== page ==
Archive for the 'Age of Sail' Category

Aug 14

Today in Naval History: The Capture of the U.S. Brig Argus by H.M Brig Pelican

Tuesday, August 14, 2018 10:15 AM

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Kimball Argus Burning commerce

Two hundred and five years ago today, on 14 August 1813, the U.S. Brig Argus, under command of Captain William H. Allen, fought her final battle with the HMS Pelican off the coast of England during the War of 1812. During the early-morning battle, Allen’s right leg was shot off, but he remained on station until fainting from a loss of blood. As Pelican‘s men boarded, Argus struck her colors. Allen died four days later. Writing about the incident in the May 1939 issue of Proceedings, Prof. Wilbur E. Apgar gave a thorough summary of the events. His summary is excerpted here. The amazing lack of concern… Read the rest of this entry »

 
Aug 7

Ticonderoga: The Almost-First Steam-Powered Warship

Tuesday, August 7, 2018 12:01 AM

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Commodore Thomas Macdonough (Gilbert Stuart-National Gallery of Art)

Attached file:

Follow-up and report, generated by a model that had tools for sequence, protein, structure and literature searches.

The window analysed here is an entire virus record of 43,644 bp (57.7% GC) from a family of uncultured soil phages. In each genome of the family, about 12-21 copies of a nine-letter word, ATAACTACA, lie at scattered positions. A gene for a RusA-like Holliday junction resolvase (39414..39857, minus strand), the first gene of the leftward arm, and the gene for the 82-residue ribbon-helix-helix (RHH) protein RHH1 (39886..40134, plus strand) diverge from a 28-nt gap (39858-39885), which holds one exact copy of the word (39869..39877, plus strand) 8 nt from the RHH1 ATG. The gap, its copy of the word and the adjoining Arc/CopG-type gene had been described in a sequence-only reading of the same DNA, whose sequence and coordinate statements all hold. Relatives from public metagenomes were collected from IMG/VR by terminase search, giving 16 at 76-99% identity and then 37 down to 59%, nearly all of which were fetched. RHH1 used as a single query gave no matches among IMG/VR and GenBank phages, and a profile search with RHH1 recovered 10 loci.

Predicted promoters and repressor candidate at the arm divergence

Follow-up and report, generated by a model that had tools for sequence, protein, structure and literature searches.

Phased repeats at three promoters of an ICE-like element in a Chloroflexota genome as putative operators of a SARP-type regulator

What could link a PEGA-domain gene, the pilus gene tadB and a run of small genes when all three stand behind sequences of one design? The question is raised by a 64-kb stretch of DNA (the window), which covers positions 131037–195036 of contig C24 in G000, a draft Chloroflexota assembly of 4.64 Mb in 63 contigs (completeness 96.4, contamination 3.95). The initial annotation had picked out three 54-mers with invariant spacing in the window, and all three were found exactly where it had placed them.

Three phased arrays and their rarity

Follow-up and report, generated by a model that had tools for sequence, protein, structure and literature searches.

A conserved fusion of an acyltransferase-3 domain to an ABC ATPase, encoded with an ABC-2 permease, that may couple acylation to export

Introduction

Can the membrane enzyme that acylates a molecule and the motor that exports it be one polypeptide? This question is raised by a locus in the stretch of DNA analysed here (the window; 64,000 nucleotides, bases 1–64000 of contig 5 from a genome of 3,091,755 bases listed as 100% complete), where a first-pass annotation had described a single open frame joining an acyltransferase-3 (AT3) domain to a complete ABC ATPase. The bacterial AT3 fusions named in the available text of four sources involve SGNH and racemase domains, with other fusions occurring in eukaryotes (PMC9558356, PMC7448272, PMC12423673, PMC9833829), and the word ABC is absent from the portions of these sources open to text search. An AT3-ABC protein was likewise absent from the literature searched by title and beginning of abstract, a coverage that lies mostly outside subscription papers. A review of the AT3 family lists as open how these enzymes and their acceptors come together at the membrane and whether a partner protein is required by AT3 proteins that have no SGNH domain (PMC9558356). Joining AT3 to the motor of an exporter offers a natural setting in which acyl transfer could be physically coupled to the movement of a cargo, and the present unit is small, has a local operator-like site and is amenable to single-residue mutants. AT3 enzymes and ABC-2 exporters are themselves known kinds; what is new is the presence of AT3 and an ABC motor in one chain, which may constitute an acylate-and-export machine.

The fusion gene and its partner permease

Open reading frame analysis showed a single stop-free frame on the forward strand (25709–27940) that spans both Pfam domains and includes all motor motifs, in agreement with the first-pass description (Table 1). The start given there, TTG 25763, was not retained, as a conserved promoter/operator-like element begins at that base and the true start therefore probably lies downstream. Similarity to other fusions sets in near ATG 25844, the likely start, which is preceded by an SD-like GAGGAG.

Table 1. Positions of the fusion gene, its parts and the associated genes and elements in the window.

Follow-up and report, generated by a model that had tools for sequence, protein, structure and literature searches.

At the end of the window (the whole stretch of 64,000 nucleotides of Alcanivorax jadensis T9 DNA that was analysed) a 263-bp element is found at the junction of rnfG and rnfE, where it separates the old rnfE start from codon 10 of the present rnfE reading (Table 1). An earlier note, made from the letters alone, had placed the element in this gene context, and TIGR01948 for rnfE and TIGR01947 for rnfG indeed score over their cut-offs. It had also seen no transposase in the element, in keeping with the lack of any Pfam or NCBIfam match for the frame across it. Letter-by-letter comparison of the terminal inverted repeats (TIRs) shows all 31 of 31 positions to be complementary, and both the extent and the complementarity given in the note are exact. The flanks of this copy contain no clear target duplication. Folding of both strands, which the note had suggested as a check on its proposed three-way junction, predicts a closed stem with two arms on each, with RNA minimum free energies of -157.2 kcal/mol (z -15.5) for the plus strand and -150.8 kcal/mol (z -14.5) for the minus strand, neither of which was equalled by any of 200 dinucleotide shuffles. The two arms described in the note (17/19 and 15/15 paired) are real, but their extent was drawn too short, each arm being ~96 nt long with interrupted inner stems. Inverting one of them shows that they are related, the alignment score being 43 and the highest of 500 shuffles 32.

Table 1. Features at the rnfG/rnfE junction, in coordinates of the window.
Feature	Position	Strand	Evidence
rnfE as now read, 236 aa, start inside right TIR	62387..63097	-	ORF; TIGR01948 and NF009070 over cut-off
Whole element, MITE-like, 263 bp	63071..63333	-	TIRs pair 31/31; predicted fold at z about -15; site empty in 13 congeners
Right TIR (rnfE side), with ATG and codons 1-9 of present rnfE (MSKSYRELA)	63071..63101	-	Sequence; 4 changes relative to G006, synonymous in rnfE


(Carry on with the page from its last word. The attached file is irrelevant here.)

Demologos, later renamed Fulton after its creator Robert Fulton, was the first steam-powered vessel in the U.S. Navy in 1815. The unique floating battery almost did not receive that distinction. Only a matter of months earlier, Master Commandant Thomas Macdonough almost brought a steam-powered warship to the most decisive battle of the War of 1812. The United States and Great Britain had been at war since June 1812, and Napoleon’s defeat in April 1814 brought thousands of experienced soldiers to Canada. The war of 1812 began as a sideshow to the British government, but now had their military’s undivided attention…. Read the rest of this entry »